Re: [PATCH 0/8] iommu/vt-d: Fix crash dump failure caused by legacy DMA/IO

From: Joerg Roedel
Date: Wed Oct 22 2014 - 09:22:09 EST

Hi Bjorn,

On Tue, Oct 21, 2014 at 08:16:46PM -0600, Bjorn Helgaas wrote:
> I was looking at Zhen-Hua's recent patches, trying to figure out if I
> need to do anything with them. Resetting devices in the old kernel
> seems like a non-starter. Resetting devices in the new kernel, ...,
> well, maybe. It seems ugly, and it seems like the sort of problem
> that IOMMUs are designed to solve.

Actually resetting the devices in the kdump kernel would be one of the
better solutions for this problem. When we have a generic way to stop
all in-flight DMA from the PCI endpoints we could safely disable and
then re-enable the IOMMU.

> On Wed, Jul 2, 2014 at 7:32 AM, Joerg Roedel <joro@xxxxxxxxxx> wrote:
> > That is a solution to prevent the in-flight DMA failures. But what
> > happens when there is some in-flight DMA to a disk to write some inodes
> > or a new superblock. Then this scratch address-space may cause
> > filesystem corruption at worst.
> This in-flight DMA is from a device programmed by the old kernel, and
> it would be reading data from the old kernel's buffers. I think
> you're suggesting that we might want that DMA read to complete so the
> device can update filesystem metadata?

Well, it is not about updating filesystem metadata. In the kdump kernel
we have these options:

1) Disable the IOMMU. Problem here is, that DMA is now
untranslated, so that any in-flight DMA might read or write
from a random location in memory, corrupting the kdump or
even the new kexec kernel memory. So this is a non-starter.

2) Re-program the IOMMU to block all DMA. This is safer as it
does not corrupt any data in memory. But some devices react
very poorly on a master abort from the IOMMU, so bad that the
driver in the kdump kernel fails to initialize that device.
In this case taking dump itself might fail (and often does,
according to reports)

3) To prevent master aborts like in option (2), David suggested
to map the whole DMA address space to a scratch page. This
also prevents system memory corruption and the master aborts.
But the problem is, that in-flight DMA will now read all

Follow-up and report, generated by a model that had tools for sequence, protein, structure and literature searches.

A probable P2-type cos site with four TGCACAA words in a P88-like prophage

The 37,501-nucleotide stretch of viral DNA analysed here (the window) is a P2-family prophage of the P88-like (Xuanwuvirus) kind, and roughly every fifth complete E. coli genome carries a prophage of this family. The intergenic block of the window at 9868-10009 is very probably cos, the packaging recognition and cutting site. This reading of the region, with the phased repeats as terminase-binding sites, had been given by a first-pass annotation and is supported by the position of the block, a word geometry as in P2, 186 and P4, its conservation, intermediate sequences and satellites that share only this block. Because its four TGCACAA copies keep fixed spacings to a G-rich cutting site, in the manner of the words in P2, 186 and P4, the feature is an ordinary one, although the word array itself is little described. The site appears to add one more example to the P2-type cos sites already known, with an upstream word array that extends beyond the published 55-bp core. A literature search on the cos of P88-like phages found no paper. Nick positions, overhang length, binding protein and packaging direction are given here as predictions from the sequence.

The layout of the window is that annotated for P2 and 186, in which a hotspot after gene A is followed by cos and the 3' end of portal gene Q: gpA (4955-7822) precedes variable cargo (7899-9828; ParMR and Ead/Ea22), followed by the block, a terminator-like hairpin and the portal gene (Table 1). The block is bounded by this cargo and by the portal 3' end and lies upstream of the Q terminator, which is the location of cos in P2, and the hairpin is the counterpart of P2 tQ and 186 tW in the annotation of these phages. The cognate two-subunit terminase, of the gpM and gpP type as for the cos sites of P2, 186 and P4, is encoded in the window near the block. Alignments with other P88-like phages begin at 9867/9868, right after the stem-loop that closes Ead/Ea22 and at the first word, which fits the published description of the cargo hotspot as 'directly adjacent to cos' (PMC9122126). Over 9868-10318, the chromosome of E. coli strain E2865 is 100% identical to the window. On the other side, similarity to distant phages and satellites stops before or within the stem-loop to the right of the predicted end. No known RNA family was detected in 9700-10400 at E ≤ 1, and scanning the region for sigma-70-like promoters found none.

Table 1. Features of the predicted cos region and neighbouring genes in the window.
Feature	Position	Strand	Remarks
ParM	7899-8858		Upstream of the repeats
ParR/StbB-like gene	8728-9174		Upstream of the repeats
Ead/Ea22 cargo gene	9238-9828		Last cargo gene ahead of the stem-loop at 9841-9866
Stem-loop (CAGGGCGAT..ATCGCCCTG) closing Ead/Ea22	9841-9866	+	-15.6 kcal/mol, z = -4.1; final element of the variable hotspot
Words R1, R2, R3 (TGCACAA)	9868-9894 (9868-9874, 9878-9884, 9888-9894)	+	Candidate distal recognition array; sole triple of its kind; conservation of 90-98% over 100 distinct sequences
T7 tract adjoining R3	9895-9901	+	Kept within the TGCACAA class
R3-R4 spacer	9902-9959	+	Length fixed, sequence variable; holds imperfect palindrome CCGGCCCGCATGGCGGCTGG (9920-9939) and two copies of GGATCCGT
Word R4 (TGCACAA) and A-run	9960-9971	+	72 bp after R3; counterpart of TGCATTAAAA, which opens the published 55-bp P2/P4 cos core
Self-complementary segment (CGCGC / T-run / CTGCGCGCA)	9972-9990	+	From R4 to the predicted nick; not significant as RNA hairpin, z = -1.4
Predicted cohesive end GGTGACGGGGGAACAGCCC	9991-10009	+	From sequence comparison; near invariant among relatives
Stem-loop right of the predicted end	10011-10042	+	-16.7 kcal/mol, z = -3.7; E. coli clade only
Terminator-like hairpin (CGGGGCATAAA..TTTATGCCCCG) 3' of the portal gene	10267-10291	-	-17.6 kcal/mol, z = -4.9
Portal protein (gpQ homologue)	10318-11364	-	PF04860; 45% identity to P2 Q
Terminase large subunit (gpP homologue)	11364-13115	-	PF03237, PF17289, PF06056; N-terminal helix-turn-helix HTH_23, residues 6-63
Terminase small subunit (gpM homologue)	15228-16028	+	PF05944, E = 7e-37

zeros. This can corrupt disk and network data, at worst it
nulls out the superblocks of your filesystem and you lose all
data. So this is not an option too.

What we currently do in the VT-d driver is a mixture of (1) and (2). The
VT-d driver disables the IOMMU hardware (opening a race window for
memory data corruption), re-initializes it to reject any ongoing DMA
(which causes master aborts for in-flight DMA) and re-enables the IOMMU

But this strategy fails in heavy IO environments quite often and we look
into ways to solve the problem, or at least improve the current
situation as good as we can.

I talked to David about this at LPC and we came up with basically this

1. If the VT-d driver finds the IOMMU enabled, it reuses its
root-context table. This way the IOMMU must not be disabled
and re-enabled, eliminating the race we have now.
Other data structures like the context-entries are copied
over from the old kernel. We basically keep all mappings
from the old kernel, allowing any in-flight DMA to succeed.
No memory or disk data corruption.
The issue here is, that we modify data from the old kernel
which is about to be dumped. But there are ways to work
around that.

2. When a device driver issues the first dma_map command for a
device, we assign a new and empty page-table, thus removing
all mappings from the old kernel for the device.
Rationale is, that at this point the device driver should
have reset the device to a point where all in-flight DMA is

This approach goes into the same direction as Bill Sumners patch-set,
which Li took over. But it goes not as far as keeping the old mappings
while the kdump kernel is still working with the devices (which might
introduce new issues and corner cases).

> > So with this in mind I would prefer initially taking over the
> > page-tables from the old kernel before the device drivers re-initialize
> > the devices.
> This makes the dump kernel more dependent on data from the old kernel,
> which we obviously want to avoid when possible.

Sure, but this is not really possible here (unless we have a generic and
reliable way to reset all PCI endpoint devices and cancel all in-flight
DMA before we disable the IOMMU in the kdump kernel).
Otherwise we always risk data corruption somewhere, in system memory or
on disk.

> I didn't find the previous discussion where pointing every virtual bus
> address at the same physical scratch page was proposed. Why was that
> better than programming the IOMMU to reject every DMA?

As I said, the problem is that this causes master aborts which some
devices can't recover from, so that the device driver in the kdump
kernel fails to initialize the device.


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